GEOSCAN Search Results: Fastlink


TitleExtensive jarosite deposits formed through auto-combustion and weathering of pyritiferous mudstone, Smoking Hills (Ingniryuat), Northwest Territories, Canadian Arctic - a potential Mars analogue
AuthorGrasby, S EORCID logo; Percival, J BORCID logo; Bilot, I; Ardakani, O HORCID logo; Smith, I RORCID logo; Galloway, JORCID logo; Bringué, MORCID logo; McLoughlin-Coleman, TORCID logo
SourceChemical Geology vol. 587, 120634, 2021 p. 1-17, Open Access logo Open Access
Alt SeriesNatural Resources Canada, Contribution Series 20210377
Mediapaper; digital; on-line
File formatpdf; html
ProvinceNorthwest Territories
NTS97C/05; 97C/06; 97C/11; 97C/12; 97C/13; 97C/14
AreaIngniryuat; Smoking Hills
Lat/Long WENS-127.7500 -126.0333 69.8833 69.3167
Subjectsmineralogy; geochemistry; extraterrestrial geology; Science and Technology; Nature and Environment; jarosite; metals; sulphates; bedrock geology; lithology; sedimentary rocks; mudstones; pyrite; weathering; paleoenvironment; marine environments; continental margins; acidity; salinity; precipitation; phyllosilicates; depositional history; Smoking Hills Formation; Phanerozoic; Mesozoic; Cretaceous
Illustrationstables; location maps; geoscientific sketch maps; photographs; profiles; plots; photomicrographs
ProgramGEM-GeoNorth: Geo-mapping for Energy and Minerals GEM Program Coordination
Released2021 11 16
AbstractJarosite and other metal sulphates are common on Mars and are interpreted to have formed in an extreme acidic saline aqueous environment, similar to modern Earth analogues where jarosite precipitates. We examined an alternative Earth analogue, at the Smoking Hills (known as Ingniryuat by Inuvialuit), Northwest Territories, Arctic Canada. The Smoking Hills are characterised by auto-combusting pyritic mudstones of the Smoking Hills Formation in a polar desert. The Smoking Hills Formation was deposited in an outer shelf to slope marine environment, during a Late Cretaceous Ocean Anoxic Event. Oxidative weathering of this unit creates extensive jarosite-rich deposits, and banded jarosite- and phyllosilicate-rich mudstones, similar to those observed on Mars. Slumping of these mudstones exposes large masses to atmospheric oxygen leading to generation of high temperatures (sufficient to produce paralavas) through pyrite oxidation, and the subsequent formation of a diverse suite of hydrated metal-sulphate minerals. Weathered combustion sites are characterised by a simpler jarosite-rich mineralogy along with thermally-altered mudstone. Away from sites of auto-combustion (bocannes), pyrite-rich layers within the mudstone oxidise to jarosite, creating a yellow-banded appearance in outcrops. These jarosite-rich layers, similar to those observed interbedded in mudstones on Mars, reflect post depositional oxidation processes - not acidic conditions during the time of deposition. As such, this could reflect a more habitable environment than is commonly interpreted for Mars.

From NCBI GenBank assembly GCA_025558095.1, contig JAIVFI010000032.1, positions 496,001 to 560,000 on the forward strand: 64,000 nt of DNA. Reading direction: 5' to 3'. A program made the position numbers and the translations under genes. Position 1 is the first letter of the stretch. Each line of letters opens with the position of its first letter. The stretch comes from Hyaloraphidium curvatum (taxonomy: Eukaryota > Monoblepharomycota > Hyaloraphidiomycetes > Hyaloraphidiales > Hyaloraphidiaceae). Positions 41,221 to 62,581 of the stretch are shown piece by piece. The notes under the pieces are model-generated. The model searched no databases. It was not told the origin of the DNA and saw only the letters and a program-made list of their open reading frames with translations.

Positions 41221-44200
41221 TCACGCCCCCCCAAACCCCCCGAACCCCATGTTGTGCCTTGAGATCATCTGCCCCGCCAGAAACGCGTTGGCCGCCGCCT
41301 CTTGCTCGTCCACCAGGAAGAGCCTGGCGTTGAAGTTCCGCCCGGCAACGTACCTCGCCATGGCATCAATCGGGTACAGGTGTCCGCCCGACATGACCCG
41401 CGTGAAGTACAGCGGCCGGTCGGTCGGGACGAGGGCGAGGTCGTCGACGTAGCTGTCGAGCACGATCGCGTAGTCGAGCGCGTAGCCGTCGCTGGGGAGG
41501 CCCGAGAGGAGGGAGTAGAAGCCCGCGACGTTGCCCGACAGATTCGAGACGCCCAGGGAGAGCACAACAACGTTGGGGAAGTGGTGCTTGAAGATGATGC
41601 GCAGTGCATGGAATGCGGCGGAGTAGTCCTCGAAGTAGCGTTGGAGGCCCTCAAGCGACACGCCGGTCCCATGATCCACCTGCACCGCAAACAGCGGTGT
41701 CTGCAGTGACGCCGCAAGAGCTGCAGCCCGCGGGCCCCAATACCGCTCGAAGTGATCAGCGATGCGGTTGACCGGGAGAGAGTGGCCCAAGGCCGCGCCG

Summary(Plain Language Summary, not published)
Naturally burning shales were examined in the Smoking Hills area. A complex array of rare minerals including jarosite are found at the site that are similar to those found on Mars and used to interpret Mars as having standing water, but that which was highly acidic, being inhospitable to life. The Smoking Hills area has similar exposures to those at Mars but we are able to show that the jarosite deposits there are formed by weathering of pyrite rich layers in the shale. This means that the deposits on Mars could reflect much more habitable environments than originally thought.

Date modified: